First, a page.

I read about the My Lai affair while in VN.
It was complicated, but never permissible in any way.
Some serious failure at several levels.
In the US Army there were actual regimental orders after the Malmedy massacre to shoot all SS in sight (328th Inf). Patton gave verbal orders in Sicily to shoot surrendering enemy, which triggered the Biscari Massacre. So yeah, the US Army did in fact commit war crimes on an official level. We did do stuff like that occasionally.
Thread was about shooting FELLOW G.I.'s
Seems you forgot your own OP, let me remind you-


anecdotes of leaders, be they NCOs or officers, shooting their men for various reasons, the most common is disobedience or cowardism.

Is there any legit historical evidence bedsides anecdotal to support that it was common?


Shooting your OWN men is NOT a war crime™, it is a simple crime of murder under the Articles of War Article 92

ART. 92. MURDER--RAPE.--Any person subject to military law who commits murder or rape shall suffer death or imprisonment for life, as a court-martial may direct; but no person shall be tried by court-martial for murder or rape committed within the geographical limits of the States of the Union and the of Columbia in time of peace.

SOURCE-
https://www.ibiblio.org/hyperwar/USA/ref/AW/index.html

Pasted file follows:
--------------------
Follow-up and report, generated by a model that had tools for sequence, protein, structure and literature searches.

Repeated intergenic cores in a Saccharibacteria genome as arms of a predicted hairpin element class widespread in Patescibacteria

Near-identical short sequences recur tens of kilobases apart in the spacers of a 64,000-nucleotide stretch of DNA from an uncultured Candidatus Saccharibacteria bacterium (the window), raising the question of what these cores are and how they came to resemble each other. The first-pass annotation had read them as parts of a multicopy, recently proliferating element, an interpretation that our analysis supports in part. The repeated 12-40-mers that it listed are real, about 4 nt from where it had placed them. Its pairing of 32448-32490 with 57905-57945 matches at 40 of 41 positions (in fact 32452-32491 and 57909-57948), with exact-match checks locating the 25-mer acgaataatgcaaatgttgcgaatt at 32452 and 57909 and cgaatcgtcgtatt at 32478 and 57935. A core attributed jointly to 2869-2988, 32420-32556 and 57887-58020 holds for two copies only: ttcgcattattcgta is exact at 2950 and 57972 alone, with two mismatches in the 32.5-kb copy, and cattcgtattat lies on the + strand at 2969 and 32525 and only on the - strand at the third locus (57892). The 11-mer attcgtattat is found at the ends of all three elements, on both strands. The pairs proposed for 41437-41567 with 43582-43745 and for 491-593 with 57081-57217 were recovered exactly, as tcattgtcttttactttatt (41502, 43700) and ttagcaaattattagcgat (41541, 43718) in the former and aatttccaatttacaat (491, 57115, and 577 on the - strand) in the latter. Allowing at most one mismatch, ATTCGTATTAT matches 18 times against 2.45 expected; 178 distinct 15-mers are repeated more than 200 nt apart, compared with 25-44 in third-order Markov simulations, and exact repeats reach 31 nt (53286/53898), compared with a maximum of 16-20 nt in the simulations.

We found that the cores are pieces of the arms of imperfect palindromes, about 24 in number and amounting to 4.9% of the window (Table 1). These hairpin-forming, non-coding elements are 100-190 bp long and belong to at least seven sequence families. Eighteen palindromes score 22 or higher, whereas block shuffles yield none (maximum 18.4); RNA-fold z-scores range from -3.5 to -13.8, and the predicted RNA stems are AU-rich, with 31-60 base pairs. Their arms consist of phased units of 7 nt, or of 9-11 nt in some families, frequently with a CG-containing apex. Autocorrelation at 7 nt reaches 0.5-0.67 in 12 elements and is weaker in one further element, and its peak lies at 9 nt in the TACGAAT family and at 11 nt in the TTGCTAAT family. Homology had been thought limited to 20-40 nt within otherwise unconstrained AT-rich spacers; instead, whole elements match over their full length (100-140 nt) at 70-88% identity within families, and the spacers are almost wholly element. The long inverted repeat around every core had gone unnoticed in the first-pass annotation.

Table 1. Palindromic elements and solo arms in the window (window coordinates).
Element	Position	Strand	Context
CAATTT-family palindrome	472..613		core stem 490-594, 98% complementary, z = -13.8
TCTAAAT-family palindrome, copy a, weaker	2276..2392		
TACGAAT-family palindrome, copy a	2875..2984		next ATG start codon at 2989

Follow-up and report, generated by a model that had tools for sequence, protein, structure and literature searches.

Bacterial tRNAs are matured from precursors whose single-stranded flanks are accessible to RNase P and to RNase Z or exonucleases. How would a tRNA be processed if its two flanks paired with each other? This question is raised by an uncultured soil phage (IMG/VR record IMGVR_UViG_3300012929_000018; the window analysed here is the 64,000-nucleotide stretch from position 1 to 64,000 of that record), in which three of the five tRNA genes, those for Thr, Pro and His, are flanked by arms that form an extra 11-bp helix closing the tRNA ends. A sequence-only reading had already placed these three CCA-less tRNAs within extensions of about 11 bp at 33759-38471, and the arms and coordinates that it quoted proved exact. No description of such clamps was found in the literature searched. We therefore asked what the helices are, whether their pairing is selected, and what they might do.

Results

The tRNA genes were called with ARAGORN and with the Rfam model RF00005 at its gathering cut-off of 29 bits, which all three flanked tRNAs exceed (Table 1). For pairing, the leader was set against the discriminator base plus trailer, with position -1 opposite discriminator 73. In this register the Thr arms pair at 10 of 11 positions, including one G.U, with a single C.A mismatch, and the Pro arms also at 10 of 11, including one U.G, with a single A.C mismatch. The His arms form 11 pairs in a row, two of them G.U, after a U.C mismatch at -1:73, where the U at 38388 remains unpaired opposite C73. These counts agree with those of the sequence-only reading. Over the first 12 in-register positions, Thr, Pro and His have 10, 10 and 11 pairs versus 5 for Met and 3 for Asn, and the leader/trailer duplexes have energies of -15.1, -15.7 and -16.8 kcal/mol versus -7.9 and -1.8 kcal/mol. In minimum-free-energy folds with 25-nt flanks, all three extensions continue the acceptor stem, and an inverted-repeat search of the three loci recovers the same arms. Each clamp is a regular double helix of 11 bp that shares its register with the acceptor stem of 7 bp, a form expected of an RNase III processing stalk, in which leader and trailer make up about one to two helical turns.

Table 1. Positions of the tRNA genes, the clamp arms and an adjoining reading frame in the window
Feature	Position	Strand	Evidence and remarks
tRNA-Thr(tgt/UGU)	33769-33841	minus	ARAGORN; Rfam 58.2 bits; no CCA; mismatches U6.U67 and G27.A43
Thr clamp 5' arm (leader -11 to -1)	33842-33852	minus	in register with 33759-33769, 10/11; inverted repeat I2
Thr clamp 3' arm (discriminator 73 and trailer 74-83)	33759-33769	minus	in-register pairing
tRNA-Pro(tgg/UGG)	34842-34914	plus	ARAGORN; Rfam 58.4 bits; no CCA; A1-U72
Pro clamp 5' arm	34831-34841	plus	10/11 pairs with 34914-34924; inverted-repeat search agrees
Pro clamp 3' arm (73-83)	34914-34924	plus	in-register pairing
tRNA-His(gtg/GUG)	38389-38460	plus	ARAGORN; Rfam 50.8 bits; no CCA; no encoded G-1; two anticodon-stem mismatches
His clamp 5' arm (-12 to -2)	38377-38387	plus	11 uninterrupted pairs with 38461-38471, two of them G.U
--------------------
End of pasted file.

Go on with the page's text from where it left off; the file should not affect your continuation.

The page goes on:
"There are two kinds of people who are staying on this beach: those who are dead and those who are going to die. Now let’s get the hell out of here".
Col. George Taylor, 16th Infantry Regiment, Omaha Beach

Carl Schwamberger
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Re: Summary Execution in US Army: Fact or Fiction

Post by Carl Schwamberger » 30 Sep 2021 13:24

Only court evidence level documentation I've read concerns Viet Nam era & not WWII. A USMC historical publication concerning assassination of officers perceived as incompetent or a danger to a individual or group.

mikel
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Re: Summary Execution in US Army: Fact or Fiction

Post by mikel » 03 Oct 2021 04:28

"Fragging" in one form or another has existed since before Christ was a corporal. It is murder, plain and simple.
It has certainly happened. Never condoned, never legal. Never commonplace. Tales and lore surrounding it also are blown into preposterous sizes.
Any decision regarding it would rest solely on the deranged individual or individuals perpetrating it.
Tell you something I witnessed. I was a couple days from my second and last trip home. I had done all my out processing at the 5th Grp SFOB at Nha Trang. I had no duty or responsibility and there was a kind of derelict barracks they used for transients. There were a couple SP/4 there for some unknown reason and another E6 who also was not SF. Nothing to me. One morning, the E6 stood the two E4s up and told them to police up and clean the barracks. He said that they all were all, "short," but that they would maintain order and "play the game" until then, I was a Ssg and not subject to any of this.
We all slept in the same bay and next morning Ssg Bigshot started to put on his boots. Out of one rolled a M26 hand grenade with a note attached.
Note read, "You might be shorter than you think, MF." Pretty funny and original, I thought.